The 2017 NFL Combine begins this weekend in Indianapolis. An invite to the combine allows college players to workout and participate in skills drills in front of NFL coaches and team scouts.
This day is a dream for many college football athletes, but for University of North Carolina’s defensive lineman Nazair Jones, this dream once seemed like a longshot after nearly being paralyzed from complex regional pain syndrome (CRPS) in high school.
Symptoms appeared suddenly
It happened after one of the most important moments of his high school football career, a state playoff game. His team lost, but Nazair came out of the game without injury. When he woke up the next morning, he had lost the ability to move his legs.
An ambulance ride to the hospital led to a series of tests without answers. And after several pain medication shots, Nazair went home but his pain continued for weeks.
For a while Nazair had to alternate between using crutches, a walker and a wheelchair to get around and started losing weight rapidly. He saw other doctors, specialist, but never received an answer.
His condition eventually lead to him not being able to walk at all. His legs and feet swelled , and were so sensitive that the slightest touch produced unspeakable pain.
Eventually, he was given a diagnosis – complex regional pain syndrome, a chronic disease that affects the nervous system.
Once the diagnosis was made, Nazair moved into the nearby Ronald McDonald House to begin his extensive rehab.
He had stayed at the Ronald McDonald House for two months, then continued his therapy back home. When he returned to school, Jones still needed help walking.
Back on track
His rehab allowed Nazair to be begin walking normally again in the spring time of the year, and rejoined the travel basketball team for a tournament that summer.
But college football was still his desired goal.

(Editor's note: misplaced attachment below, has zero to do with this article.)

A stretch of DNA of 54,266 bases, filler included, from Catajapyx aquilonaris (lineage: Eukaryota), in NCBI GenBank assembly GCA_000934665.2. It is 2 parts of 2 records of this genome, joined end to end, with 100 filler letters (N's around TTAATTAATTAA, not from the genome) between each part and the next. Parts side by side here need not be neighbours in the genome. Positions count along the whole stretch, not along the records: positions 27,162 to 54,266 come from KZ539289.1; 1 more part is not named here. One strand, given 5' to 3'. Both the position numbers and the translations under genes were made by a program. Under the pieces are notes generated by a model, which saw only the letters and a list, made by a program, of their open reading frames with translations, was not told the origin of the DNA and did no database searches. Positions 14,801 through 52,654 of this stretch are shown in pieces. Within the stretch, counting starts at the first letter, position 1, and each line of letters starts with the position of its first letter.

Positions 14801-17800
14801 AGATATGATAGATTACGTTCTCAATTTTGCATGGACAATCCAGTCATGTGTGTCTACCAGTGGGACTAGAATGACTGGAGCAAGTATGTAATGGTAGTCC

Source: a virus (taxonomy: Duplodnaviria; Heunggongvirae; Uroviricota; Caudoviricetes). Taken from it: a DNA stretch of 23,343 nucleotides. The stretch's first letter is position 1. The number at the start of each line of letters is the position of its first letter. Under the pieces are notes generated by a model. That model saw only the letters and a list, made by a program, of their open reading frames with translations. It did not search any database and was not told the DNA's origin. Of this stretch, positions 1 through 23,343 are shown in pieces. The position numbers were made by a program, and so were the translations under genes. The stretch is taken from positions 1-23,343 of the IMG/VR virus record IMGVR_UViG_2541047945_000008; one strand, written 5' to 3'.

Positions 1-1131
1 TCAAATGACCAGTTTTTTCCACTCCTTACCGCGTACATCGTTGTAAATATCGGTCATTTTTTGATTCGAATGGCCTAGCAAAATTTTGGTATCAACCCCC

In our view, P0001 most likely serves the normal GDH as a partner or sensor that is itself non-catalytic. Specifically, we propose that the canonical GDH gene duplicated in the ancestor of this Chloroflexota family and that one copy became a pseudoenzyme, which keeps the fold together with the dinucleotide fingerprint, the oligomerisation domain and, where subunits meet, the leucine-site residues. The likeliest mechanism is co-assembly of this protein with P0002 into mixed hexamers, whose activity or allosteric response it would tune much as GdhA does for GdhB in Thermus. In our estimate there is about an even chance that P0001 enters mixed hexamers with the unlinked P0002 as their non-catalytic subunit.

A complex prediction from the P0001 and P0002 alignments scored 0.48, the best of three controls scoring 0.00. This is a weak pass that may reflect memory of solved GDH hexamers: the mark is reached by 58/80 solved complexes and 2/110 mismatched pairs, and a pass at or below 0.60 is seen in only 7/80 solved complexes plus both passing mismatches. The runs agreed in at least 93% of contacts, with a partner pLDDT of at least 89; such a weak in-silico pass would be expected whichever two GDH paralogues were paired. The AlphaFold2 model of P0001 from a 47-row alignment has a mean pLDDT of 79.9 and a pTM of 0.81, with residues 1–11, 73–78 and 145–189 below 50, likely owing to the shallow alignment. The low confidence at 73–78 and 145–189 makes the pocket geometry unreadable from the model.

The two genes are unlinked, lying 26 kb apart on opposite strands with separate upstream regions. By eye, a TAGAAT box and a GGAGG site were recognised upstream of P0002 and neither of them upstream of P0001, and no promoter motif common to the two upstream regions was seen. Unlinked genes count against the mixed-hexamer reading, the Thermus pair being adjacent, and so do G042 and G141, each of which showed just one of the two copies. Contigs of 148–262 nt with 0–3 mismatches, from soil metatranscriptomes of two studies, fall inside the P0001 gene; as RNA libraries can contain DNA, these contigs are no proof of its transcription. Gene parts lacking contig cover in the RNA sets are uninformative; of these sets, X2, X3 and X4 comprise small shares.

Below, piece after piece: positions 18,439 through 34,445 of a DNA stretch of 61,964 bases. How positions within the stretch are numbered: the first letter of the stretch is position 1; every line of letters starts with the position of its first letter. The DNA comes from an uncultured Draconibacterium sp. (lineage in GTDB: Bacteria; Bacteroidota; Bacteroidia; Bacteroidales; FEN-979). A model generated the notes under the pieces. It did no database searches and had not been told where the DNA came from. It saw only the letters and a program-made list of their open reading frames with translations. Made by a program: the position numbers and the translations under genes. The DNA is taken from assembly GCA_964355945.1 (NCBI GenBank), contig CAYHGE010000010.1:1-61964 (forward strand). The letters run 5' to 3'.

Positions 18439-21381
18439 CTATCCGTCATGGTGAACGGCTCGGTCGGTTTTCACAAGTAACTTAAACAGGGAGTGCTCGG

He went to University of North Carolina’s summer camp to show he was still the same athlete, but his condition affected him. He got dehydrated and overheated easily and needed help from the training staff.
Despite his out of shape appearance, Nazair was very fortunate. North Carolina offered him a scholarship that day.
Managing his condition
In 2013, during his freshman season at North Carolina, he began taking weekly shots of Enbrel, used to treat inflammatory conditions. He still takes those shots and meets with a rheumatologist to help manage the disease.
Nazair is gearing up for the 2017 NFL Combine in hopes to get drafted by an NFL team. He has fought for this opportunity since being diagnosed with CRPS in high school, and will make the most out of it.
About complex region plain syndrome
Complex regional pain syndrome (CRPS) is a chronic pain condition most often affecting one of the limbs (arms, legs, hands, or feet), usually after an injury or trauma to that limb. CRPS is believed to be caused by damage to, or malfunction of, the peripheral and central nervous systems. The central nervous system is composed of the brain and spinal cord, and the peripheral nervous system involves nerve signaling from the brain and spinal cord to the rest of the body. CRPS is characterized by prolonged or excessive pain and mild or dramatic changes in skin color, temperature, and/or swelling in the affected area.